Politics & Policy

Mr. President, Words Matter

Obama, the rhetorician, forgot that people might actually take seriously what he said.

What is Barack Obama’s real problem? Too many people here and abroad took him at his word, and he now seems quite angry at that.

For two years Obama serially damned the entrepreneurial classes. They should “spread the wealth,” be “patriotic,” and pay “their fair share.” They should be paying more income, payroll, and inheritance taxes. They could not be trusted with health care, student loans, high finance, or auto manufacturing. Their lifestyles of private jets and Super Bowl junkets came at the expense of the downtrodden. The would-be rich who made just over $200,000 were indiscriminately lumped together with the elite rich on Wall Street — who ironically contributed inordinately to Barack Obama’s non–publicly financed campaign coffers.

Apparently, the small-business classes took Obama’s writs seriously, and for the foreseeable future they have shut down — they have quit hiring and buying, and are riding out the “recovery.” In response, a frantic Obama suddenly began talking about balanced budgets, tax cuts, and tax credits, and praising the private sector. Too late: Too many entrepreneurs took him at his original word.

Then there was the constant partisanship, the “never let a crisis go to waste” Chicago hardball. Never has a president talked so much about reaching across the aisle and done so little of it. During the campaign, the Senate’s most partisan member claimed he was its least. That same deception characterized most of his first year in the White House. He promised C-SPAN coverage of bipartisan give-and-take, while actually holding the health-care debate behind Democratic congressional doors to offer bribes and insider deals in exchange for votes. “Let’s end the bickering” was usually the preface to “Bush did it, not me.” Absolute Democratic control of Washington — both Congress and the White House — meant that Republicans had “played Washington politics” to stop grass-roots governance.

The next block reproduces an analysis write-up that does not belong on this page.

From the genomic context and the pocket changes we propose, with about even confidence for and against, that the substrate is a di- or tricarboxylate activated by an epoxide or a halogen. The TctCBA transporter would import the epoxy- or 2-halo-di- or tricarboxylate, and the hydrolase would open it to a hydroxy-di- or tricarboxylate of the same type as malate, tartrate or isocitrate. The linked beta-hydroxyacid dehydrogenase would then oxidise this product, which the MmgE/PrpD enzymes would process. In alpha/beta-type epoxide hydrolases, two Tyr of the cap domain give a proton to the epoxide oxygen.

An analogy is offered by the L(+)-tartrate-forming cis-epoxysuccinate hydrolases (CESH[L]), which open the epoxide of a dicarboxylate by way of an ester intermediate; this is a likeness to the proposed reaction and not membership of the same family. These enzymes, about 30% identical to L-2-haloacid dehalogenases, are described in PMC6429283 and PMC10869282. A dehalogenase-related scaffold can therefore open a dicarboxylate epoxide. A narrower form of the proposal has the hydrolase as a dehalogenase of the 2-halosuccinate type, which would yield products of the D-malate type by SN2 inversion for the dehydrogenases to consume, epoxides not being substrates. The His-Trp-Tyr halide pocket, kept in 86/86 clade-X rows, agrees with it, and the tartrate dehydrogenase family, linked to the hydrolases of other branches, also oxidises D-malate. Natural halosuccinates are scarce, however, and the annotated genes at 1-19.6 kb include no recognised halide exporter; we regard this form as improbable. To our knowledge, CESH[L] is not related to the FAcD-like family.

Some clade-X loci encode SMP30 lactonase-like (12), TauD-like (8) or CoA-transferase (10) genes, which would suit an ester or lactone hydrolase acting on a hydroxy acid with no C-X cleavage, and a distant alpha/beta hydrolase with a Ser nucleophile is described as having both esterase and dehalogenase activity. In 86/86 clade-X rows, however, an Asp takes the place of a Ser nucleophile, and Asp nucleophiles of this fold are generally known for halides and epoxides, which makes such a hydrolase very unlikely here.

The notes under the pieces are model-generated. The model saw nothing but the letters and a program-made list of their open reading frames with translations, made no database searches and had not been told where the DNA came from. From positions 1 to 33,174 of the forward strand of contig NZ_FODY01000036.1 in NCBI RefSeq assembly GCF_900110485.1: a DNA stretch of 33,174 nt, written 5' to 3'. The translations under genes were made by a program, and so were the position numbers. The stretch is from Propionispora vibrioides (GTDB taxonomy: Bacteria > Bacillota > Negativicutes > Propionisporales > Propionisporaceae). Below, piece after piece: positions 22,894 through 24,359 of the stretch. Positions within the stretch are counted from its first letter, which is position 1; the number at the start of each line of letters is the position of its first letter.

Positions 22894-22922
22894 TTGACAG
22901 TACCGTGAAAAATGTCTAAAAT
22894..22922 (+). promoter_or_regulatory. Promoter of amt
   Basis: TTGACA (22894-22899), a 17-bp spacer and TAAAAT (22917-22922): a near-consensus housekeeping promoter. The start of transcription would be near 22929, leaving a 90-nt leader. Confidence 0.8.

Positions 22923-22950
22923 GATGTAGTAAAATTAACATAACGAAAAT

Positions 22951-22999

Then Scott Brown won the Senate seat long occupied by the late liberal lion Ted Kennedy, and Obama’s polls dived below 50 percent. Soon even New York Times columnists began listing all sorts of reservations about Obama that they had long entertained but mysteriously only now voiced. In response, a frantic Obama is suddenly talking about reaching out, meeting with Republicans, and drafting bipartisan legislation. Too late: Too many Republicans took him at his original word.

In his dealings abroad, remember “hope and change,” the “reset button,” and all the grandiose promises of a year ago? Barack Obama assured our critics that he would have the dreadful Bush Guantanamo Bay detention center closed by now. But then the reality that most of the detainees were cold-blooded killers who would revert to terrorism upon release — and many were Yemenis eager to join up with al-Qaeda at home — made those repeated boasts inoperative. I will be surprised if Obama ever closes Guantanamo.